Trish O’Brien-Edwards

Nola wiped the front of her shirt and chased the breadcrumbs down her pregnant belly. Licking the grape jelly off her fingers, she sighed; it wasn’t what she was looking for. She took a final sip from her Coke, and threw the can into the backseat of her Toyota Camry. It landed between a half-empty box of fried chicken and the garbage bag that held her life.

Her makeup was long gone, leaving behind only trails of what was once there. Her brown eyes were puffy and the dark circles worse than the day before. The day before, the worst of her life, unless you count the day before that, and the one even before. She ran her fingers through her dishwater blonde hair, and cried out from the jelly-clumped tangles. Giving up, she went back to concentrating on driving.

The cravings had begun almost the minute she ran away from her mother’s house. She’d begun to show that day, five months ago, one week before she’d left for college. For three months she wasn’t even sure the pregnancy test had been right, but when she put on her favorite jeans that morning and couldn’t button them up, she knew it was impossible to hide. Instead of telling her mother what had happened and face her disappointment, Nola packed her few possessions and headed on the road.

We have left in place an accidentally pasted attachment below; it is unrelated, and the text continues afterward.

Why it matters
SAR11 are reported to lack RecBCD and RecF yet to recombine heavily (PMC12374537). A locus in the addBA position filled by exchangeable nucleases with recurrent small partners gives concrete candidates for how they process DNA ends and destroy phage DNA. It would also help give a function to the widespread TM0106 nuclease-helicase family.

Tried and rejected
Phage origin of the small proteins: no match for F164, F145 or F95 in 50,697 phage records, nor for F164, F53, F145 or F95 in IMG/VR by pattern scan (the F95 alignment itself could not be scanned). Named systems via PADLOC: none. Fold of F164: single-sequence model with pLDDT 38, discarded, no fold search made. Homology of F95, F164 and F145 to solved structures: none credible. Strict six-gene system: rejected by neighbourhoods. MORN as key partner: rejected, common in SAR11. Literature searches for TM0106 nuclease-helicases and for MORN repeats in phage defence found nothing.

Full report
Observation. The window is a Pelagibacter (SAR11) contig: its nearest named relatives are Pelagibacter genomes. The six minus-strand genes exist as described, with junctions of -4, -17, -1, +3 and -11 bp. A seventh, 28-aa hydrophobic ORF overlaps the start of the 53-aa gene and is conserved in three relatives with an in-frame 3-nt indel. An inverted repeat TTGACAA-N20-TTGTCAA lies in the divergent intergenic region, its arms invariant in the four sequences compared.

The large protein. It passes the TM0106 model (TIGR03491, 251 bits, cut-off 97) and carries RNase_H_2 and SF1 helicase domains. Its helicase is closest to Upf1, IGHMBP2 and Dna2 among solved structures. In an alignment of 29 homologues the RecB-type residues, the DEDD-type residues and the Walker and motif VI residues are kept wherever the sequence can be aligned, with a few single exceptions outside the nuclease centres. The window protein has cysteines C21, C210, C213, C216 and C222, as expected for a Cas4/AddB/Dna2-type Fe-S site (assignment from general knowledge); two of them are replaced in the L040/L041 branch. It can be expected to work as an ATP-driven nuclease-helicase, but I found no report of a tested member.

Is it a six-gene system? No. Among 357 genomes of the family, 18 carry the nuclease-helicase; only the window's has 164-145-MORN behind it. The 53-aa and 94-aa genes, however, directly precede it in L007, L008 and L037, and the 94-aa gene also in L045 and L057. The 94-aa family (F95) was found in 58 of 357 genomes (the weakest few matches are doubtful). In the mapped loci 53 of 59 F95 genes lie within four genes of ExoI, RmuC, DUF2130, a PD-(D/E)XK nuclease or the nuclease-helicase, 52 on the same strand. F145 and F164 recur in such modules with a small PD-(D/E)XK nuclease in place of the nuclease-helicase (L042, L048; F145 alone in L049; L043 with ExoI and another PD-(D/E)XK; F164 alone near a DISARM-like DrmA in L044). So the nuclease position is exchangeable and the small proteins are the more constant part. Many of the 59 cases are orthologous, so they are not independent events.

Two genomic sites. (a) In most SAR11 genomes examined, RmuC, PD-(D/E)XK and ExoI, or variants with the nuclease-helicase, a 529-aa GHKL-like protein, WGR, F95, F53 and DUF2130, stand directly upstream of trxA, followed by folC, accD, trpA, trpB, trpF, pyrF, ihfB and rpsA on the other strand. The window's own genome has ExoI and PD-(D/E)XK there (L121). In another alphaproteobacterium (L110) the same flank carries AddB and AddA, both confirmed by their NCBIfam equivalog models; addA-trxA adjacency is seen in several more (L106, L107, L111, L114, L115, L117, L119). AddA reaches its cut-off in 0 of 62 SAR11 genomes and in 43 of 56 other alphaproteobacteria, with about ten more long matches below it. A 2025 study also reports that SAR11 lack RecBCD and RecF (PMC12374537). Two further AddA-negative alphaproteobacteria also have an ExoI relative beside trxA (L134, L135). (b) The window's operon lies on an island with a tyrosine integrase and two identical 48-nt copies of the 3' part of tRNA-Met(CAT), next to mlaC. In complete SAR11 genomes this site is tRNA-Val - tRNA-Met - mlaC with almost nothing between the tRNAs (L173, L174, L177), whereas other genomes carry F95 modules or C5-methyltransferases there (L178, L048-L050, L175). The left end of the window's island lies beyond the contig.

As soon as she hit the highway, she began to hunger for something she couldn’t place. The feelings grew stronger the farther away she got. She almost ate the whole menu off the Kentucky Fried Chicken in Tama and gorged on pies at the Baker’s Square in Davenport where she’d worked for the past five months, until she was too pregnant to be on her feet all day.

If questioned, she would describe the feeling as something between the anticipation of the first day of school and finding your favorite goldfish was dead. It was part excitement, part dread, part emptiness she couldn’t fill. It was always there, clawing at her insides, wanting more than she was able to give.

The banana air-freshener she bought at the Amoco the day before made her stomach turn. It had smelled so wonderful at first, and it covered the odor of old food and the fact that she hadn’t bathed for a few days, but the thought of smelling it for the next one hundred miles made her nuts. She ripped it from the rearview mirror and tossed it out the half-open window, watching its progress in the mirror as it fluttered away. Every time it found a home, a car passed by, leaving it up in the air again. Nola looked away and kept driving.

She stopped at a truck stop on highway thirty to fill up on gas and to eat lunch. The car smelled hot and had been making a noise that sounded like someone was beating a squirrel. She knew she should have someone look at it, but her funds were dwindling. She’d just have to take the chance that the car would last until she got where she was going.